It was a beautiful Saturday afternoon and I had plans to spend the day shopping in Hampden with friends. It was gorgeous out, and I was genuinely glad to be spending time with my friends rather than being cooped up in my dorm studying (it was tempting since I had a lot of homework to do!) It was easy to be honest about that. I did express verbally how glad I was that we made those plans. I am a generally honest person, but sometimes it's hard to balance kind words and honest words. What happens when something is true but not very nice to say? Are white lies okay? Sometimes you can argue the case but I always value honesty even if it isn't so easy to hear. I tried on a sweater at cloud 9 and felt chunky in it, and I was relieved to hear from my friend that it was indeed a bulky looking sweater. I wouldn't want her to cover that up with a white lie like "no you look great!"
Initially, I thought the task to be pretty simple, since it is rarely my intention to hurt someone with words or even make mean "jokes" about other people. I generally dislike this type of joking because it can often have a serious undertone, and although you brush it off as a joke the other person might still be hurt. Words are such a powerful tool. I realized throughout the day to be conscious of words and their connotation, or effect on people. It is hard to define what makes words "kind" and "useful," and can to some extent be subjective.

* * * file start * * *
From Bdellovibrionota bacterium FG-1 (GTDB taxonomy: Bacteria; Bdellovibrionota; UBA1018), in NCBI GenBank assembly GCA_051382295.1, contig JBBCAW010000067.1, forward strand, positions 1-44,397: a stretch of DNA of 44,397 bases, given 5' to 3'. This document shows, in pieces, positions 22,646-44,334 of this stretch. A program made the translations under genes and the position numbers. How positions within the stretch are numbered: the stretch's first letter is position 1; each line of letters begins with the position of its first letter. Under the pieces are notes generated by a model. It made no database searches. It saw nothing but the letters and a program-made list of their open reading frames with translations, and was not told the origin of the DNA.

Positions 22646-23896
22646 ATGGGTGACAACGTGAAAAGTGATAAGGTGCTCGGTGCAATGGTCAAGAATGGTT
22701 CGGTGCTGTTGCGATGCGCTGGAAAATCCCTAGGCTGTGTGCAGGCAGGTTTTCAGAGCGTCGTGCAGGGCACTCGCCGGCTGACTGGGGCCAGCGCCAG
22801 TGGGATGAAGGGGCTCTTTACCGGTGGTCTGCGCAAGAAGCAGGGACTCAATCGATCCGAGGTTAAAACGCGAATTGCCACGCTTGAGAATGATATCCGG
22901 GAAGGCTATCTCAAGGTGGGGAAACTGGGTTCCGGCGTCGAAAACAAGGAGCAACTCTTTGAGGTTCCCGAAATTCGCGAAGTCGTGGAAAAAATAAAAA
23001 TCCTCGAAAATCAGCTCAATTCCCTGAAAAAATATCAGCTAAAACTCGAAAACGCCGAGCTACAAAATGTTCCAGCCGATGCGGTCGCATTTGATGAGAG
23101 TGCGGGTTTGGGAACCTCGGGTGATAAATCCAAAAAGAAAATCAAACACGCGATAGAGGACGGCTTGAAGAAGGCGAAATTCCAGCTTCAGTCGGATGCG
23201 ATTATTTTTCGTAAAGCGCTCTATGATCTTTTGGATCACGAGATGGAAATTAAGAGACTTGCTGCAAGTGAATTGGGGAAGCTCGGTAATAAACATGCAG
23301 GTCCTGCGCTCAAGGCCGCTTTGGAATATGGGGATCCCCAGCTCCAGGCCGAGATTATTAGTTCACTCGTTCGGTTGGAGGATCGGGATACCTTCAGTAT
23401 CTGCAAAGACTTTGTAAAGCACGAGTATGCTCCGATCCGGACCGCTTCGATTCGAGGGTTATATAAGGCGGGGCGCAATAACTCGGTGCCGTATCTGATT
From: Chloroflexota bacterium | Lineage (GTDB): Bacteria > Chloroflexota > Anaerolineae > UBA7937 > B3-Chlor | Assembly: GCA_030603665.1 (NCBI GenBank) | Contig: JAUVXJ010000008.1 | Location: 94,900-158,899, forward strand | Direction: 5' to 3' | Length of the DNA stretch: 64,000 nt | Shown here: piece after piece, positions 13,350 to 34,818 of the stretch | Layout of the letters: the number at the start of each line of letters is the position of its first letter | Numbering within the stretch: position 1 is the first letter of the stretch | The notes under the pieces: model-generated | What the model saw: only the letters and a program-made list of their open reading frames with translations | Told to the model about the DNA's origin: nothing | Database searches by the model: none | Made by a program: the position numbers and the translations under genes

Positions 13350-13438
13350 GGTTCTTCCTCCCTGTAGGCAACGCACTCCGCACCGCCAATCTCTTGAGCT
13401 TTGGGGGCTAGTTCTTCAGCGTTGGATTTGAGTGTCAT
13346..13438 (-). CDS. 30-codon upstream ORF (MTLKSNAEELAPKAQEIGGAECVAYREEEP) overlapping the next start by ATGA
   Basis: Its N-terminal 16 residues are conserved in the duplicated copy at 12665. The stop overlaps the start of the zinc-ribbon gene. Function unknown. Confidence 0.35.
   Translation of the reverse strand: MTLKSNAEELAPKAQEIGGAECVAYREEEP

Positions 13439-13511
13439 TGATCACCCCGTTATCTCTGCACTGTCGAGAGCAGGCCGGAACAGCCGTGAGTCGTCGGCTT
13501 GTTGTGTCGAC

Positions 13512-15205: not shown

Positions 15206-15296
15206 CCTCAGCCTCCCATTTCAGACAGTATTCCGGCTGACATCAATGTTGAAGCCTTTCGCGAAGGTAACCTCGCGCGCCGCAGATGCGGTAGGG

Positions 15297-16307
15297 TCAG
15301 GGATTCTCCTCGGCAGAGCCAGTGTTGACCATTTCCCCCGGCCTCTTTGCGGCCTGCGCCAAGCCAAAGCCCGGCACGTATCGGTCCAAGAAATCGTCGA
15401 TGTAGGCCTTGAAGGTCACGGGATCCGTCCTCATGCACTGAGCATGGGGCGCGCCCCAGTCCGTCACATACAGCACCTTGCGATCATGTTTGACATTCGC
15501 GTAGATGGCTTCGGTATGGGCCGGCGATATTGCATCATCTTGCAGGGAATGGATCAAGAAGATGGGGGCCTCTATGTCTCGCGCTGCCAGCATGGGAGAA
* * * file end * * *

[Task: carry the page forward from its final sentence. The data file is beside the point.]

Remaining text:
The hard part of the iExamen was just to stay aware throughout the entire day. I started off the day really well and was happy, but it was a long day and I began to grow tired and hungry. I am not the most pleasant person to be around when this happens because I start to get "hangry." It was harder to stick to being kind when my mood changes. After lunch and a large cup of coffee, it became easier again to stick to the task and put the energy into my reflection.
At the end of the day, I realized that I generally stayed more positive throughout the day. In the future, I am definitely going to try to stay more aware of what I say and how it affects others. I generally say things that are kind, useful, and true and try to filter out anything mean, dishonest, or not useful. My mom always said, "if you don't have anything nice to say, don't say it" and I always tried to follow this rule, but sometimes we can unintentionally hurt someone. The iExam showed me the value of self-reflection.